Christian leaders pay tribute to Cardinal Walter Kasper

The head of the Catholic Church’s ecumenical affairs office Cardinal Walter Kasper retired from his post Thursday, making way for his successor, Bishop Kurt Koch.

Koch, who was appointed by Pope Benedict XVI as the new president of the Pontifical Council for Promoting Christian Unity (PCPCU), has been a member of the Catholic Church’s ecumenical arm since 2002.

The Archbishop of Canterbury, Dr Rowan Williams, paid tribute to Cardinal Kasper.

"Anglicans have always been made welcome by Cardinal Kasper in Rome. We have felt ourselves to be received as brothers and sisters in a common faith and mission, notwithstanding the many challenges that arise for ecumenical dialogues in our day.

"He will be greatly missed by his many friends in the Anglican Communion, not least myself.

"We wish him every blessing in all that lies ahead, and look forward to continuing, with his successor Bishop Kurt Koch, our fruitful relationship with the Holy See.”

Bishop Koch was praised for his “openness and deep ecumenical commitment” by the General Secretary of the World Council of Churches, Dr Olav Fykse Tveit.

"We rejoice at the appointment of Bishop Kurt Koch as president of the Pontifical Council for Promoting Christian Unity," he said.

"We welcome his appointment and look forward to working with him for the visible unity of the church."

Since its creation, the PCPCU has established a “cordial cooperation” with the WCC, which reportedly connects 349 churches, denominations and church fellowships in more than 110 countries and territories throughout the world.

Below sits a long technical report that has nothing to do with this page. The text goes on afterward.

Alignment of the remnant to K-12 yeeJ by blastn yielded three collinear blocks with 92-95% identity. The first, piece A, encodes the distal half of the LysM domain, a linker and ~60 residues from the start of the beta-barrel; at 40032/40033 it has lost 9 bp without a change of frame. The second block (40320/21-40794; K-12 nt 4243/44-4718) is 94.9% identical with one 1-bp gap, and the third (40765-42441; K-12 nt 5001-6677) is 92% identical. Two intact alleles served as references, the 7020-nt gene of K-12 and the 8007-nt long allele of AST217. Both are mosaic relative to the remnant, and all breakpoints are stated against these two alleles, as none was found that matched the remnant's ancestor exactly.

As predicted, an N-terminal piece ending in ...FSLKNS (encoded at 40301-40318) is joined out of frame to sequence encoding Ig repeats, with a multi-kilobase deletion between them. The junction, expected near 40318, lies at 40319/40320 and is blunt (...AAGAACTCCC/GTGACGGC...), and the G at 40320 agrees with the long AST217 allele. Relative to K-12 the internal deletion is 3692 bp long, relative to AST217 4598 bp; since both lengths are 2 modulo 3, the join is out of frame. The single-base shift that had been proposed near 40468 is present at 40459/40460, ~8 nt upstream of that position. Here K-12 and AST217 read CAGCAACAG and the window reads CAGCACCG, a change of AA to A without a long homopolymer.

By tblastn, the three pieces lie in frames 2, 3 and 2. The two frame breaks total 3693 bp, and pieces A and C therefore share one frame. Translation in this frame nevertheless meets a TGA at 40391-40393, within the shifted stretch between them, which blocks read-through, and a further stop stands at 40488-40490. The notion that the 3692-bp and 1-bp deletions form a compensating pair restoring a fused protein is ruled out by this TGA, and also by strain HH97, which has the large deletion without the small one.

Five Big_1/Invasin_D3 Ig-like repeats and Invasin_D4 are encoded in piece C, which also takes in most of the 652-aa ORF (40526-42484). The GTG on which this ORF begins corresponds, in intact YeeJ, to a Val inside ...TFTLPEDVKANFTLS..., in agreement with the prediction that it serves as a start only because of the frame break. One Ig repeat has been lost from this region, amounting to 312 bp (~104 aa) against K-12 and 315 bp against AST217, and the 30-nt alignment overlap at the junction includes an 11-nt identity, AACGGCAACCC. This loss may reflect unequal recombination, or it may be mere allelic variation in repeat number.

Aside from the WCC, the PCPCU has develop dialogue and collaboration with the other church bodies and global church communions, including the Orthodox Church, the Anglican Communion, the World Alliance of Reformed Churches, the World Methodist Council, and the Baptist World Alliance, among others.

The president of the PCPCU also oversees a Commission for Religious Relations with the Jews, which has been “advancing the Catholic-Jewish friendship” over the past decade, as testified by the Jewish humanitarian, human rights, and advocacy organisation B'nai B'rith International.

Kasper demonstrated an "approach of constructiveness and healing" in his engagement with Jewish leaders, the group said in a letter this week to the retiring German cardinal.

"[W]e have been privileged to know the warmth, openness and spirit that you have brought to your work," added leaders of the organisation.

Kasper, who turned 77 in March, served as president of the PCPCU from 2001.

Bishop Koch was described by WCC’s Tveit as “a reliable partner for all those involved in the ecumenical movement.”

“We … trust he will continue Cardinal Walter Kasper's emphasis on spiritual ecumenism,” Dr Tveit stated, describing the responsibility that Koch has given as "very important ... as the call for all Christians to be one comes from Jesus Christ himself."

"I wish him much joy in fulfilling this calling, and that God may give him strength," the ecumenical leader added.

In being appointed to head the PCPCU, Koch was also promoted to the position of archbishop.